Farm business governance - is it THE answer?

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Posted by Brendon Walsh on 7 November 2017

Governance meeting 1

In recent years, many farmers in the sheep and beef sector have set up governance or advisory boards. Governance allows a real business overview and a focus on steering the business towards desired goals over the longer term. But is it THE answer to poor results in our farming businesses?

I am all for governance because with it comes a strategic focus. It allows a balance of perspective rather than only focusing on day to day operations, which as we all know is vital to moving forward. I applaud this rebalancing of perspective - it is necessary to provide higher chances of going to where we want to go in business.

However, if governance is accepted (by farmers and their business professionals) as THE answer to moving forward much more profitably after past poor results, then that is a real concern. It doesn’t necessarily provide change to how farm operations have been carried out prior to now - just a more balanced perspective and being better prepared for the major steps. If a farmer has been unprofitable then the actions taken haven't been conducive to generating profit. Chances are they are not aware of how to run a consistently profitable sheep and beef farm business, hence the results.

A governance board will point out to farmers that they may not be very profitable that year much earlier than they would have in the past (when the accountant’s report pointed this out some months after the end of the financial year). This is valuable of course! Yes, other expertise may be brought in on the governance board and that may help, but usually the governance function is a steering function, not a “doing” or operational function. A balance between these two functions is vital. The right direction and major business steps must be delivered on!

Governance teams meet regularly but they don’t meet often. Making operational changes that drive the results that deliver on the strategic decisions takes a separate process with a different level of focus, application and learning. There are operational profit principles to understand and apply. There is new knowledge and new systems to get to grips with, let alone implementing them under changing conditions. There are stakeholders to lead and co-ordinate on a daily basis. Creating lasting changes in results takes a structured process over time to achieve. This is the development of business operational literacy that I have referred to in recent blogs. Keep in mind that new habits and leveraged actions may be decided upon with a strategic focus, but they are not built that way.

As mentioned, there is generally very little understanding about the system for generating consistently profitable outcomes, and sheep and beef farmers must turn this around. If not, they can end up governing and setting goals and policies but still achieve pretty average results. They can spend extra time for a better strategic focus, but at a higher cost and for variable results, not necessarily vastly improved results.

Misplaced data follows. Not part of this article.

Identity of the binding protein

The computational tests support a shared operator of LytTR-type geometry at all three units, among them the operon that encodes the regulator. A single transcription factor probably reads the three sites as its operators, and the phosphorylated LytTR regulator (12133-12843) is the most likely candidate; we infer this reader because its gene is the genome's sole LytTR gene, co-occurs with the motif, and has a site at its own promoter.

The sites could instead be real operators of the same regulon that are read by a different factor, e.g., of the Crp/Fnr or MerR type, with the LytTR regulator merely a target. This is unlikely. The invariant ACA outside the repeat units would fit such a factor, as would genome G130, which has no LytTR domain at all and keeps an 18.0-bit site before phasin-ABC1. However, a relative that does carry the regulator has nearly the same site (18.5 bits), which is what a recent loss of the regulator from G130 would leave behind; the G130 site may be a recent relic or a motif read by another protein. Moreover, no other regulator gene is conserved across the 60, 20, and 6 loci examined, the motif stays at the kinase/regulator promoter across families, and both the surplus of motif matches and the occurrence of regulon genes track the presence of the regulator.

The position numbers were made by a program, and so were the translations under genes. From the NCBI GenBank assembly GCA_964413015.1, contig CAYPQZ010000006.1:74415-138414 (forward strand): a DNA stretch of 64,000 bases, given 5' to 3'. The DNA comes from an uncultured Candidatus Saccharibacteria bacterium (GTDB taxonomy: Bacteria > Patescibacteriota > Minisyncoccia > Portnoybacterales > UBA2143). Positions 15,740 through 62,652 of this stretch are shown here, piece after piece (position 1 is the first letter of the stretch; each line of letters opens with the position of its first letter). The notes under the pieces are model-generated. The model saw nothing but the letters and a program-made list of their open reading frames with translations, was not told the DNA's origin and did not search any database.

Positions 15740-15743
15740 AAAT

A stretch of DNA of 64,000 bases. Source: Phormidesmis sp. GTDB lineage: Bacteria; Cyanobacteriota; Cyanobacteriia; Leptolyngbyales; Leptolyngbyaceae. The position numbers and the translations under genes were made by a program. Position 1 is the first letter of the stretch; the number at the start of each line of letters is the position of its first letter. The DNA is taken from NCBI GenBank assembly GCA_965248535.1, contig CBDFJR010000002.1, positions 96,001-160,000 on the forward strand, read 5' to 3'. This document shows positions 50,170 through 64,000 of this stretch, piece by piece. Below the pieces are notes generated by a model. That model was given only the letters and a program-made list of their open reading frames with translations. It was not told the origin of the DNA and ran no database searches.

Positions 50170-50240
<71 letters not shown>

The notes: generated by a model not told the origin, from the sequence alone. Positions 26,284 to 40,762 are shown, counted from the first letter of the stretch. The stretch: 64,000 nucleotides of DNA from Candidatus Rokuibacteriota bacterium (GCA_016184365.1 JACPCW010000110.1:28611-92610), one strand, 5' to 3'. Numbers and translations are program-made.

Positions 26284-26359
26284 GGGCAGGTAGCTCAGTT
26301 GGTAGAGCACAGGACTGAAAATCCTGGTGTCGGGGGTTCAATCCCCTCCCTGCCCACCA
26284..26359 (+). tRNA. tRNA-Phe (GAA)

If a farmer does get some understanding about profit and implements profitable actions, as well as using a governance function, then awesome! They will likely do very well. But, as THE answer to turning results around, governance on its own is not it! There has to be some understanding about generating consistent profitability in the business, or what value is the governance function really adding? Likely it won’t be much, and despondency can easily set in after just a few governance meetings.

So, if you are a sheep and beef farmer who really needs to know how to turn your profitability around, you want to develop confidence in doing that, and you need great support to get it done, then please get in touch here. The GrowFARM® System nicely compliments the governance function and helps you as a sheep and beef farmer to deliver on your strategic plans. GrowFARM® provides you with the tools and support you need to take control of your businesses and unlock your potential. I look forward to speaking with you! 

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  • Governance can be compared to climate change. Profitability is like weather, and those running the farm on a day to day basis need to know how to make profits whichever way the wind is blowing or the rain falling or the grass growing, or not. And make the right decisions while it is happening. If you don't know this stuff, and can act like a small motor boat, then having help to steer the liner could well be too slow and too late.

    Posted by Sue Edmonds, 08/11/2017 8:32am (3 years ago)